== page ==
On the last day of the Legislative Session I was visiting with some friends in the Senate Chambers on the seventh floor of the Statehouse. When it became apparent they were finished with their business for the year and were going to adjourn the Session sine die in about an hour, I meandered two floors down to the House Chamber. My old House seat was empty, so I sat down in my old chair to visit with Alan Boothe from Troy who took over my House seat when I retired in 1998.

Boothe said, I think you are going to be here in your old seat to see an historic announcement. At that moment, House Speaker Seth Hammett asked Speaker Pro Tem Demetrius Newton to take over the Speaker’s chair for him so that he could go to the well and make an announcement. Seth announced that he would not seek reelection to his House seat from Covington County in 2010. Therefore, he would not be Speaker again. It was a nostalgic moment. Seth and I are old friends. We sat by each other in the House for 16 years. In fact, we sat by each other when the House Chamber was in the old Capitol.

Seth’s announcement reminded me of a day 23 years earlier. It was in the closing days of the 1986 Legislative Session. Gov. George Wallace’s aides wheeled him into the old House Chamber near Seth’s and my desk. We knew what was coming. Seth and I stood close by as Wallace announced his retirement from politics.

Even though he could have constitutionally sought an unprecedented fifth term as Governor, with tears in his eyes Wallace gave his “I bid you a fond adieu” speech. It was moving the same as Seth’s speech on May 15 was to those of us who have followed and participated in politics for all of our lives.

Seth Hammett will have served 32 years when he retires in 2010. He noted that he was first elected at age 31 and he is now 62. Therefore, he has been a member of the State House of Representatives for half his entire life. Hammett would have easily won reelection to his House seat and would have probably been reelected Speaker. If so, he would have broken the record for longevity as Speaker. He has been the presiding officer of the House for 12 years.

The race is now on for Speaker. The House membership will elect their Speaker in January 2011 after the 2010 Legislative elections. If the Democrats remain in the majority, Tuscumbia Representative Marcel Black will be the favorite. If the Republicans were to gain control, Auburn Representative Mike Hubbard would probably be Speaker.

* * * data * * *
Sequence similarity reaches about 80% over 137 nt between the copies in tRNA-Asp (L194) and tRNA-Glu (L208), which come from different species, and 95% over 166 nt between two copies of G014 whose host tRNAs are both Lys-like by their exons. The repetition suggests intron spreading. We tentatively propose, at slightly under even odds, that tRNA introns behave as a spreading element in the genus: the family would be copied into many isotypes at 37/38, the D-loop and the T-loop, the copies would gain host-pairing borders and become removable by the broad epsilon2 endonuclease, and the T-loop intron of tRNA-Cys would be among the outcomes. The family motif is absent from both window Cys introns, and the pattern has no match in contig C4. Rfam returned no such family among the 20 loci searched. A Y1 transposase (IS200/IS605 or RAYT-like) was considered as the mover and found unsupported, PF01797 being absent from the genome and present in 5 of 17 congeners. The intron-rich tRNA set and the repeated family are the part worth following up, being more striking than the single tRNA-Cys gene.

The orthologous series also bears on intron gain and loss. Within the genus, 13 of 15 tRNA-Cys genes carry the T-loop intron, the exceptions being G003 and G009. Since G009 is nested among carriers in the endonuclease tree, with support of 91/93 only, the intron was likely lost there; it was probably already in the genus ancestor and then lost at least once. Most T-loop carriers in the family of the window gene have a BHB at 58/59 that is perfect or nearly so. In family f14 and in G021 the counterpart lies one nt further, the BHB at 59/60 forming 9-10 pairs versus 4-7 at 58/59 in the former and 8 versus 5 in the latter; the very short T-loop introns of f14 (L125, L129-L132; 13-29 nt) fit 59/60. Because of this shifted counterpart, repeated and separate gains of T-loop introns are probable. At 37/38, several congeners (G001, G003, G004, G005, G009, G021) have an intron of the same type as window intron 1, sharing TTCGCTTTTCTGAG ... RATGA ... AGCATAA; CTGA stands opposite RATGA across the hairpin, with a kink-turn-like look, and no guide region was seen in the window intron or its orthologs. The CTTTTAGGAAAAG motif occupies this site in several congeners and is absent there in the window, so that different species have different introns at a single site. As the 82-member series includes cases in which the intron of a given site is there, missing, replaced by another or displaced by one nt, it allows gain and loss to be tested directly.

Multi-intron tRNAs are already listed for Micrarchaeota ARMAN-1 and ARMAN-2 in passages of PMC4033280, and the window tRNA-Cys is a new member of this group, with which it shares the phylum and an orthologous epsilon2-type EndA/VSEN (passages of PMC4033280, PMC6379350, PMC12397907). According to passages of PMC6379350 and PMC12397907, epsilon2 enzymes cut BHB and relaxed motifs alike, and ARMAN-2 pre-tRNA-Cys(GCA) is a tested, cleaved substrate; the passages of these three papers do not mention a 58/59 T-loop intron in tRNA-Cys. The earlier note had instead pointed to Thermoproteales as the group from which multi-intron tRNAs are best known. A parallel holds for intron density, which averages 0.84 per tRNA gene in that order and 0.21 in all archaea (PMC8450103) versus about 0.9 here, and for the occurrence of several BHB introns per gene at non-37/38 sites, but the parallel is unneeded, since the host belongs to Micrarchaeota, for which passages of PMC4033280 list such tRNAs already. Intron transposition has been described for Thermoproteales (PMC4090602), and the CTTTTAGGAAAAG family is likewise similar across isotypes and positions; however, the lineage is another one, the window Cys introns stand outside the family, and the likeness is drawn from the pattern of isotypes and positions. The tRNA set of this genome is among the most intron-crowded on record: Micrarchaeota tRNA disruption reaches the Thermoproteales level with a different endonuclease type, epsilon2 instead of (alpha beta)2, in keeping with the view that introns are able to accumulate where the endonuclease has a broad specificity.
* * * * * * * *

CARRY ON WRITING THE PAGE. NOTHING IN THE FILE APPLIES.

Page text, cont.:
Rumor and speculation abounds around the Capitol that the federal investigations surrounding Attorney General Troy King will culminate with an indictment. He has been under scrutiny by the Republican U.S. Attorney Alice Martin. The Obama administration has recently appointed her replacement Democrat Joyce Vance. Vance is familiar with the probe. She has been an Assistant U.S. Attorney in the Northern District for seven years and is a very able prosecutor.

Luther Strange has announced that he will challenge Troy King in the Republican primary. Speculation is that Strange will be unopposed when the time for qualifying rolls around next year. King’s prosecution is politically motivated, much like Don Siegelman’s.

The former Governor Siegelman’s appeal to the Eleventh Circuit has been denied. Siegelman is 63. He was convicted, along with Richard Scrushy, in 2006. An interesting side to that sad story is that most folks who follow legal and political developments are convinced that the only reason that Siegelman was convicted was because he was tied to Richard Scrushy. Scrushy is so despised and the fact that he skated on the HealthSouth fraud case in Birmingham so incensed people that they were determined to nail Scrushy. The irony is that when he and Siegelman were indicted together the arrogant Scrushy commented, oh God, they’ve indicted me with a politician. The exact opposite was true. Siegelman went down because of Scrushy.

In addition to Seth Hammett’s announcement, another momentous retirement announcement came in the waning days of the Session. State Senator Bobby Denton of Muscle Shoals announced that he would not run again. Denton is the Dean of the Senate. He is the State’s longest serving Senator. At the end of his term next year he will have served 32 years. He has been one of the most beloved members of that body. Six people are already planning to run for his northwest Alabama district.